*Twelve million children under the age of eight have had to leave their homes due to the Syrian conflict, and many have no access to the quality education that can set them on the path to a brighter future. Sesame Street is working with the International Rescue Committee to bring critical early education directly to young refugee children in the Syrian response region—and providing success strategies for their parents as well. Their loveable Muppets add so much joy to the lives of the children. Your donation to the Yellow Feather Fund helps them bring the laughter, learning, and hope to these children who desperately need it.
*Military families experience unique challenges like deployments, homecomings, relocations, and sometimes grief. For more than 12 years, Sesame Street has helped children and their families build resilience in times of separation and change. Working with military and child development advisors, they create books, videos, digital toolkits, and other free resources featuring the lovable little Elmo and friends. When you give to the Yellow Feather Fund, you help them build a virtual support network for the 700,000 young children with a parent in the service and help them develop success strategies for facing military milestones.
*One in 68 American children is diagnosed with autism, and nearly every family is affected in some way. Sesame Street helps children and families with the everyday challenges autism can present—through engaging, fun, (and free!) videos, books, and digital content in both English and Spanish. And they reach out to the public at large, promoting acceptance and understanding around autism spectrum disorder. Your gift to the Yellow Feather Fund enables them to research, create, and distribute materials used by educators, families, and service providers nationwide—and helps them spread the message that every child is unique, and every child is amazing.
You want to know something amazing…you can access a lot of their resources free of charge. And if you donate to the fund, you allow other families to have access to the resources.
I went to the Sesame Street in Communities website and found so many resources that I was not previously aware of. Through ongoing collaboration, training experiences, and local partnerships, this website continually adds content that meets the changing needs of our communities. As you scroll through the site, you can find hundreds of bilingual multi-media tools to help kids and families deepen their knowledge during the early years of birth through six (and this is a critical window for brain development). Their resources engage kids and adults in everyday moments and daily routines—from teaching early math and literacy concepts, to encouraging families to eat nutritious foods, to serious topics such as divorce and food insecurity.
They have resources for a wide range of issues that affect our communities: community violence, coping with incarceration of a family member, dealing with divorce, homelessness, preparing for emergencies, grieving, facing traumatic experiences, needing and giving comfort, and the need to learn to be resilient.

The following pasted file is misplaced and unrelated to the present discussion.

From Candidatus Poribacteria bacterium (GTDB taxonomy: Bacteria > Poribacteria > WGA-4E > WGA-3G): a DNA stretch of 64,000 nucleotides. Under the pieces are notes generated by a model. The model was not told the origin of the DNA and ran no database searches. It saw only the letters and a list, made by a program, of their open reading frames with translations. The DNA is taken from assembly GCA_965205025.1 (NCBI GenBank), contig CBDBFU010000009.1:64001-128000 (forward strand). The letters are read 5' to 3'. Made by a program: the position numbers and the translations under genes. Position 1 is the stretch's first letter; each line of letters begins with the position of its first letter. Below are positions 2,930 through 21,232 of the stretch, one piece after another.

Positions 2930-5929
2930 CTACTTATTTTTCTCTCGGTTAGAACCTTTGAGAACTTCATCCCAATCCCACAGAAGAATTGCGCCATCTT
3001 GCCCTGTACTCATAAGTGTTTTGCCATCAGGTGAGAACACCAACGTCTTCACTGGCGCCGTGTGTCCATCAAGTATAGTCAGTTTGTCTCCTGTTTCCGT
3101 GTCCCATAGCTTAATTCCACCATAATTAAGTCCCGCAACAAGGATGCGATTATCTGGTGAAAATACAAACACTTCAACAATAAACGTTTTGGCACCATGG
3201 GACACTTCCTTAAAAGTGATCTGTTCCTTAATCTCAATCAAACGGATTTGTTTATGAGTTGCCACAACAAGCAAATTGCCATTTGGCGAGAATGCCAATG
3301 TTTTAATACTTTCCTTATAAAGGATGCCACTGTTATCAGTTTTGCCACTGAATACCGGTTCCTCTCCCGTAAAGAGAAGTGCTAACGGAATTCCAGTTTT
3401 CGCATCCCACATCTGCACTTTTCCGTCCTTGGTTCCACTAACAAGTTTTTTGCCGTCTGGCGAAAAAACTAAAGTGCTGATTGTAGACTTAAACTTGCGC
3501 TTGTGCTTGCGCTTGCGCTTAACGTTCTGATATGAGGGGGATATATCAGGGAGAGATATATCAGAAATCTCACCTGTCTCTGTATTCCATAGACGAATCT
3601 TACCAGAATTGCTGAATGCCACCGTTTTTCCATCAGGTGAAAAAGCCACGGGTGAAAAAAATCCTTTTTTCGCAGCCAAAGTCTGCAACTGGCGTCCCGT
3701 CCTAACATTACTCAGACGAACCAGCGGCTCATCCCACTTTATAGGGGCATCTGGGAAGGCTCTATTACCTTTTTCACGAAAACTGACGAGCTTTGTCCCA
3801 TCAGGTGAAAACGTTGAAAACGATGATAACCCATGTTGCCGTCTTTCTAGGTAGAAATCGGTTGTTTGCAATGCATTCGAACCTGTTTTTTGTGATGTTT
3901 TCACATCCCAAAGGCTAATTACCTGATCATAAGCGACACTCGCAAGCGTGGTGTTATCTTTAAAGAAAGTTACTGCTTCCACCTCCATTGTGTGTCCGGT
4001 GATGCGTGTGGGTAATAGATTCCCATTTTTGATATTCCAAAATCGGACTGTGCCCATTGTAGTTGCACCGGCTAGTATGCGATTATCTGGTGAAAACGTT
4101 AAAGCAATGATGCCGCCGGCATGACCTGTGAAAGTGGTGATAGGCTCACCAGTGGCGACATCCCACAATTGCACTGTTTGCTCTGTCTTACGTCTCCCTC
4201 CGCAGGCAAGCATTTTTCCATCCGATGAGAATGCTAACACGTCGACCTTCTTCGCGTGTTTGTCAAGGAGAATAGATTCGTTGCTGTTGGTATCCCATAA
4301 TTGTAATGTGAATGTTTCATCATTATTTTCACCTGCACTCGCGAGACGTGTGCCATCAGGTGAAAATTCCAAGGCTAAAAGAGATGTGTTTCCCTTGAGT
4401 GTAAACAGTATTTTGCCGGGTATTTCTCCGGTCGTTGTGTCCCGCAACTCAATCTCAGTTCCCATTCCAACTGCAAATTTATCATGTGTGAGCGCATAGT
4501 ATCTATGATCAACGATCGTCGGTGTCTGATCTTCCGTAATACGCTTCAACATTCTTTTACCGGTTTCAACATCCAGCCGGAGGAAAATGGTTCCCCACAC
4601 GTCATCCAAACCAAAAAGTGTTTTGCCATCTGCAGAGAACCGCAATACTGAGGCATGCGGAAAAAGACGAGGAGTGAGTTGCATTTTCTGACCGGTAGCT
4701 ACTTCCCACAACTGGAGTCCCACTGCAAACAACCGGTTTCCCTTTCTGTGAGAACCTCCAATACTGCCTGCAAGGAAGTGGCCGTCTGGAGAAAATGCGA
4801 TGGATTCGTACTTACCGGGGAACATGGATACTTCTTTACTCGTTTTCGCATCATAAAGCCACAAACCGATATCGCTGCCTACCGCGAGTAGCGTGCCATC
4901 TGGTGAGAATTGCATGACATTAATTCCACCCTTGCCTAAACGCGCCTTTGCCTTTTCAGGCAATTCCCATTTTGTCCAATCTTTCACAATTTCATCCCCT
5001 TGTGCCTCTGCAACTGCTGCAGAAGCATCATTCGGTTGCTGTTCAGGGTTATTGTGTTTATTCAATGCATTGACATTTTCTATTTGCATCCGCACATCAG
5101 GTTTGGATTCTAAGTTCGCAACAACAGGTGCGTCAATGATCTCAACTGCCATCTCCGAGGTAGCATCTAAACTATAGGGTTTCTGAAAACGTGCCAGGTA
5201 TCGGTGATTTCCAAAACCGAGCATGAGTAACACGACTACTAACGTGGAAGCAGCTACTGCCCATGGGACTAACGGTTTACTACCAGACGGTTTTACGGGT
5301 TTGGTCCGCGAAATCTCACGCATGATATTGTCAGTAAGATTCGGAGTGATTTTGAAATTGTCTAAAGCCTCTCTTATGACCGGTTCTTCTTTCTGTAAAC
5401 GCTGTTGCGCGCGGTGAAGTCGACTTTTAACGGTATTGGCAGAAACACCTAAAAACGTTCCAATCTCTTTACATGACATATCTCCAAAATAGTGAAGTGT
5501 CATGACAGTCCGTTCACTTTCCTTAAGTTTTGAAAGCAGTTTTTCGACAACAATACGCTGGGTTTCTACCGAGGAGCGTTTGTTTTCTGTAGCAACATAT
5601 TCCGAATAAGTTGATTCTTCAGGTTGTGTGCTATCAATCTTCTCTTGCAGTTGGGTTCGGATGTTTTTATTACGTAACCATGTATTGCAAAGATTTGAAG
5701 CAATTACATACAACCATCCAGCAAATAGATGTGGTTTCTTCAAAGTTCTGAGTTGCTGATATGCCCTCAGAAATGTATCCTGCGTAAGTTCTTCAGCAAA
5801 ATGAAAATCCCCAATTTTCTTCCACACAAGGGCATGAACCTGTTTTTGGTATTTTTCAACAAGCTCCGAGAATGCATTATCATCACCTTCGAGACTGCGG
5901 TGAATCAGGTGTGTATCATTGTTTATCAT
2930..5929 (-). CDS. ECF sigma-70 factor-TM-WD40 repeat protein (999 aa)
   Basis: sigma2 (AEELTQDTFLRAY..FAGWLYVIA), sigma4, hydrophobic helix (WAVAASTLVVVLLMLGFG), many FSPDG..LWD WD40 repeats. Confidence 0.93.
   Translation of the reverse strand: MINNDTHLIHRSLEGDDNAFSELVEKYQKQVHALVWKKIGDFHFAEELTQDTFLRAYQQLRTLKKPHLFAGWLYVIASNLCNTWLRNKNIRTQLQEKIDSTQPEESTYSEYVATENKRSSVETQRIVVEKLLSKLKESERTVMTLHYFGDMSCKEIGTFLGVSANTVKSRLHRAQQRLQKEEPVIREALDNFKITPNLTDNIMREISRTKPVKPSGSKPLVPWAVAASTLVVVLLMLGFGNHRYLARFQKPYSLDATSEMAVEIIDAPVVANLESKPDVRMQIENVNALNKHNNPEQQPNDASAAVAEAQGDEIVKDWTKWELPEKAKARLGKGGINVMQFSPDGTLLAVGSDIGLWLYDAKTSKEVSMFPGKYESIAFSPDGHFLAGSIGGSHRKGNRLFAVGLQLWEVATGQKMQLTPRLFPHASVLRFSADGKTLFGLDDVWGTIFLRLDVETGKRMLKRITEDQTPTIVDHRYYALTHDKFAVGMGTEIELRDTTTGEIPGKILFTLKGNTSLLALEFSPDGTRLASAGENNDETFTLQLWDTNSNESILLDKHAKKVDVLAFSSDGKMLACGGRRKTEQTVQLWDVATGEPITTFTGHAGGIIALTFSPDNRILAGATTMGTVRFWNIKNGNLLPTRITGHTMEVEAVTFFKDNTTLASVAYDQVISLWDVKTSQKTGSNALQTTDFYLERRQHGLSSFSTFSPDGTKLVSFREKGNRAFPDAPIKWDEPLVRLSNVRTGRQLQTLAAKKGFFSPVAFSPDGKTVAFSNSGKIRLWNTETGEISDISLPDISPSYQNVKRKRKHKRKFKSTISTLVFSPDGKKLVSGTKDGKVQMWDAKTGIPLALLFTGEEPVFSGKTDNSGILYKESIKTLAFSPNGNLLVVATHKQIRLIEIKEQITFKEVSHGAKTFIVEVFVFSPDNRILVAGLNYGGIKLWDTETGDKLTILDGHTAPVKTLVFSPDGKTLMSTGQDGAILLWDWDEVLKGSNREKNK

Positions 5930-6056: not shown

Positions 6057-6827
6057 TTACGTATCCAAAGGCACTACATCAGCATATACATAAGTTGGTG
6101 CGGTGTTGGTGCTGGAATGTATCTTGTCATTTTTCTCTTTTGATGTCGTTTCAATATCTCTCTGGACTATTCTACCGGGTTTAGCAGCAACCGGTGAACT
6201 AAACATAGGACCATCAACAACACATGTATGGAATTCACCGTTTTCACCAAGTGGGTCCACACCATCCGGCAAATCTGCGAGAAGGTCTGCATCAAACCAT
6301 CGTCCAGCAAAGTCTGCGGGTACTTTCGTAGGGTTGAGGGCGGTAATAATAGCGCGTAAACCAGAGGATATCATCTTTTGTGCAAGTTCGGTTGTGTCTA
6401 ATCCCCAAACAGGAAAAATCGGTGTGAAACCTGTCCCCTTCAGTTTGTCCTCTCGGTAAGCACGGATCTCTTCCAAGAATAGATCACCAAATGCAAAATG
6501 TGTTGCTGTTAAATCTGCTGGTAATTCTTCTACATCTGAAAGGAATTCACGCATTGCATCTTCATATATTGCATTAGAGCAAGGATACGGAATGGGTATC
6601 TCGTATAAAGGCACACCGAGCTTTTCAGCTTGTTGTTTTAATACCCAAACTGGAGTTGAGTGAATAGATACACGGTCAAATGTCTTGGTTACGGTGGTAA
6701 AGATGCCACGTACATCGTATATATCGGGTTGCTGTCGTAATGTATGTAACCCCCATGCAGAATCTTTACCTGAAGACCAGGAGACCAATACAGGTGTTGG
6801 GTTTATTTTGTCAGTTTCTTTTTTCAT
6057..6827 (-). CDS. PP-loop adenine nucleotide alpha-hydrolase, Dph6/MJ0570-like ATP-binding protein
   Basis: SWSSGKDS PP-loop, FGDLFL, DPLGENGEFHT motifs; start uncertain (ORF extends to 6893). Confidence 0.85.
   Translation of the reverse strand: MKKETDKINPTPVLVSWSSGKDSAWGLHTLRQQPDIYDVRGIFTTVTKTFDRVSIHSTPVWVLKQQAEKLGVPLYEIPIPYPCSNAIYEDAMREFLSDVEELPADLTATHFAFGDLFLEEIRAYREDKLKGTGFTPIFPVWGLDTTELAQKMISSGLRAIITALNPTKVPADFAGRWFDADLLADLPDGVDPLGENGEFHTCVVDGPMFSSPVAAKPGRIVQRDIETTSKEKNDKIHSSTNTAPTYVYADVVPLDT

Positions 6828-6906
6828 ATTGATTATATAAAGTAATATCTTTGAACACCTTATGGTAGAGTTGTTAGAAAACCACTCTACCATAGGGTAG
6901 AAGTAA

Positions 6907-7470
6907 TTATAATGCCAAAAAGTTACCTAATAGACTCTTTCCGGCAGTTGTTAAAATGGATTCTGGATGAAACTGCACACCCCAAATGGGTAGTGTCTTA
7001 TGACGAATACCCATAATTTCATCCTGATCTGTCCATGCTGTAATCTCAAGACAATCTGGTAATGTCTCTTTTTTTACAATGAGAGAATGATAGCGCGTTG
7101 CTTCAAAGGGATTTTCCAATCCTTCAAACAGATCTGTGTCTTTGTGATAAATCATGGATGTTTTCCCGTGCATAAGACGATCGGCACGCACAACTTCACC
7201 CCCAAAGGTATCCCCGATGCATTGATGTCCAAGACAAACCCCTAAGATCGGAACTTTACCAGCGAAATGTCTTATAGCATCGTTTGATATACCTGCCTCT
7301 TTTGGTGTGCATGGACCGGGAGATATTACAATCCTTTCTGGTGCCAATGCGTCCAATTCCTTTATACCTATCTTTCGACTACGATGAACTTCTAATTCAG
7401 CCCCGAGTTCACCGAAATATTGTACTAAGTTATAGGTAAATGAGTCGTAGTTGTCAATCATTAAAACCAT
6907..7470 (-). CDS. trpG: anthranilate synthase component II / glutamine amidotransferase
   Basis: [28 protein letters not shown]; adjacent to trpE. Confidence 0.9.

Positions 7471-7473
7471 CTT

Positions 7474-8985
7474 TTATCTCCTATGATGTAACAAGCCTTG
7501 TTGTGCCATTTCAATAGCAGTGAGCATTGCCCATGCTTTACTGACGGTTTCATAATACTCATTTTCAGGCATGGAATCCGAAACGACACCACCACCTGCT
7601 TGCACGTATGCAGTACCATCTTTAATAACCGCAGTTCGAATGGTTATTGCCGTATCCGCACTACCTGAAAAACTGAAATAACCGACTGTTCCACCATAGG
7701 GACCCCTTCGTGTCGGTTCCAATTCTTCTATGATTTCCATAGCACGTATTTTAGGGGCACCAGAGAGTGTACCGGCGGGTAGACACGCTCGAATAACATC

The website offers a section filled with information on staying mentally and physically healthy. Families have resource pages for learning to care and share, eating well, caring for children, explaining autism, playing together, building routines, bonding, managing asthma, handling tantrums, and many more topics.
The website also has educational resources for language development, financial education, science, reading and writing, and math skills.
These things I am mentioning aren’t just fun little games for kids to play. Each page is filled with professional and community resources for family members to explore. There are interactive pages, videos, and articles written by professionals to help us all be able to be life-long learners on issues that affect our families and our communities.
Now of course, there’s still the website for kids—sesamestreet.org—filled with fun and games for all ages. We can’t forget about that.
So, what’s our challenge for the week. Consider donating to the Yellow Feather Fund to keep this material available for all members of our communities. But here’s a big challenge that will take a little time—explore the Sesame Street in Communities website and familiarize yourself with all of the resources there. You may run across something that will help you. But, also, if you know what’s there, you can pass this along to community members who may need this information. Know a young parent who isn’t familiar with milestones for the growth and development of a child? Know a parent of a toddler struggling with tantrums? Anyone in your community looking for information on eating healthier? dealing with asthma? explaining autism to a sibling?
This information is publicly available free of charge and is frequently updated as we learn more about various topics. Find out what’s there and share it with others.
Thanks for listening. I hope you enjoyed this episode of my Look to See Me podcast and will return for the next episode.